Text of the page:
CDC Director Resigns After Report On Her Financial Conflicts

Director of Centers for Disease Control and Prevention Tom Frieden addresses the media on the Ebola case in the U.S. at the Tom Harkin Global Communications Center on October 5, 2014 in Atlanta, Georgia. The first confirmed Ebola virus patient in the United States was staying with family members at The Ivy Apartment complex before being treated at Texas Health Presbyterian Hospital Dallas. State and local officials are working with federal officials to monitor other individuals that had contact with the confirmed patient.
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Brenda Fitzgerald stepped down as the director of the Centers for Disease Control and Prevention on Wednesday morning following a Politico report on the conflicts of interest created by her financial holdings.

“This morning Secretary Azar accepted Dr. Brenda Fitzgerald’s resignation as Director of the Centers for Disease Control and Prevention.  Dr. Fitzgerald owns certain complex financial interests that have imposed a broad recusal limiting her ability to complete all of her duties as the CDC Director. Due to the nature of these financial interests, Dr. Fitzgerald could not divest from them in a definitive time period,” Health and Human Services spokesman Matt Lloyd said in a statement.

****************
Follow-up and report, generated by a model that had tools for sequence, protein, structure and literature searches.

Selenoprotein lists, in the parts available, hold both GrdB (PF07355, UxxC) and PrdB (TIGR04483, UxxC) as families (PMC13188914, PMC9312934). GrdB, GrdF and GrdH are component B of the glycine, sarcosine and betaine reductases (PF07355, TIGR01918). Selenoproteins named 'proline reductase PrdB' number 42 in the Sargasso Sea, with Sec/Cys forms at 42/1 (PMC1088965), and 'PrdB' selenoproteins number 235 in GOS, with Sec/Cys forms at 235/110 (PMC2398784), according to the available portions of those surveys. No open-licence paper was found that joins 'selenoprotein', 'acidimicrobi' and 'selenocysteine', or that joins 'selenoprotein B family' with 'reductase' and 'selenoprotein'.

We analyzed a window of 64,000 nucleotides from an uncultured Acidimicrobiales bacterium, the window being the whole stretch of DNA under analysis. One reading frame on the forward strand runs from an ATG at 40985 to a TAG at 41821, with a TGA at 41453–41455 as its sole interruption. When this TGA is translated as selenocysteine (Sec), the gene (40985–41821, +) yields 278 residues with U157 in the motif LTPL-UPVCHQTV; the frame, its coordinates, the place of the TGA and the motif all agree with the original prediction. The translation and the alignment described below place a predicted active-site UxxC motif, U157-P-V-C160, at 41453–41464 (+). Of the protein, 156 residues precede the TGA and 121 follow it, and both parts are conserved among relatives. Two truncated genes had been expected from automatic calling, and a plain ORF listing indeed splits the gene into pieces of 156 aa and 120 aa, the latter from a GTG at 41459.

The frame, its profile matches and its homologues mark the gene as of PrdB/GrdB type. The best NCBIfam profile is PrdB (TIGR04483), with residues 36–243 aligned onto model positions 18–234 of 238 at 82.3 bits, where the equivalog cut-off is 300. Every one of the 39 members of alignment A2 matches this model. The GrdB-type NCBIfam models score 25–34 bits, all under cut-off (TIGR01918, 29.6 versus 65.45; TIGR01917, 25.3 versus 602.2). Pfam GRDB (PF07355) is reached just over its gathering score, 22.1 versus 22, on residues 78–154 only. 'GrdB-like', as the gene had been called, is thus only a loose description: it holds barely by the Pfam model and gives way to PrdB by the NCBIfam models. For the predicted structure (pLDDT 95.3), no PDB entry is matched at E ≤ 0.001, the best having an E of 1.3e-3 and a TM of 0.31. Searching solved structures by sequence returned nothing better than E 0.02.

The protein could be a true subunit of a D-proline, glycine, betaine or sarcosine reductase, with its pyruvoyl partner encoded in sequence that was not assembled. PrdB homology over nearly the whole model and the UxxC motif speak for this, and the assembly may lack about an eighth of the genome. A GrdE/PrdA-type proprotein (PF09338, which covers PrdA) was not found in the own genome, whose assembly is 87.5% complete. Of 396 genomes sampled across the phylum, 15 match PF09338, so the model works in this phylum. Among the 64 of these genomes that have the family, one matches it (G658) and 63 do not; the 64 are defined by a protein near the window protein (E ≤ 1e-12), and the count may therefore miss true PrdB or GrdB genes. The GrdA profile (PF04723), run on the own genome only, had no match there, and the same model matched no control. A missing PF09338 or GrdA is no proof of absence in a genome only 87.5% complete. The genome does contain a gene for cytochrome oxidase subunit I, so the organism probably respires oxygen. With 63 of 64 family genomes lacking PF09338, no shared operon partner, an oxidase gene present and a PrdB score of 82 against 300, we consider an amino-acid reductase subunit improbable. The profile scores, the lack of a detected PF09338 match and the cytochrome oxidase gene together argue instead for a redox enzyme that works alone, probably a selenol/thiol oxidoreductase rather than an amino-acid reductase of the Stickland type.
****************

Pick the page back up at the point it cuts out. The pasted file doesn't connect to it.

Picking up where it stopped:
“After advising Secretary Azar of both the status of the financial interests and the scope of her recusal, Dr. Fitzgerald tendered, and the Secretary accepted, her resignation.  The Secretary thanks Dr. Brenda Fitzgerald for her service and wishes her the best in all her endeavors,” Lloyd added.

The news of Fitzgerald’s resignation came less than 24 hours after Politico published a report on Fitzgerald’s stock trades. Fitzgerald purchased stock in a tobacco company about one month after she took over as director of the CDC, an agency that urges Americans to stop smoking tobacco products. She later sold stock in that company, but was unable to sell other stocks that presented conflicts.

Fitzgerald had been forced to recuse herself from a number of issues that the CDC addresses, but she said she was unable to quickly sell those stocks. This prevented her from testifying at a January hearing and prompted scrutiny in Congress.

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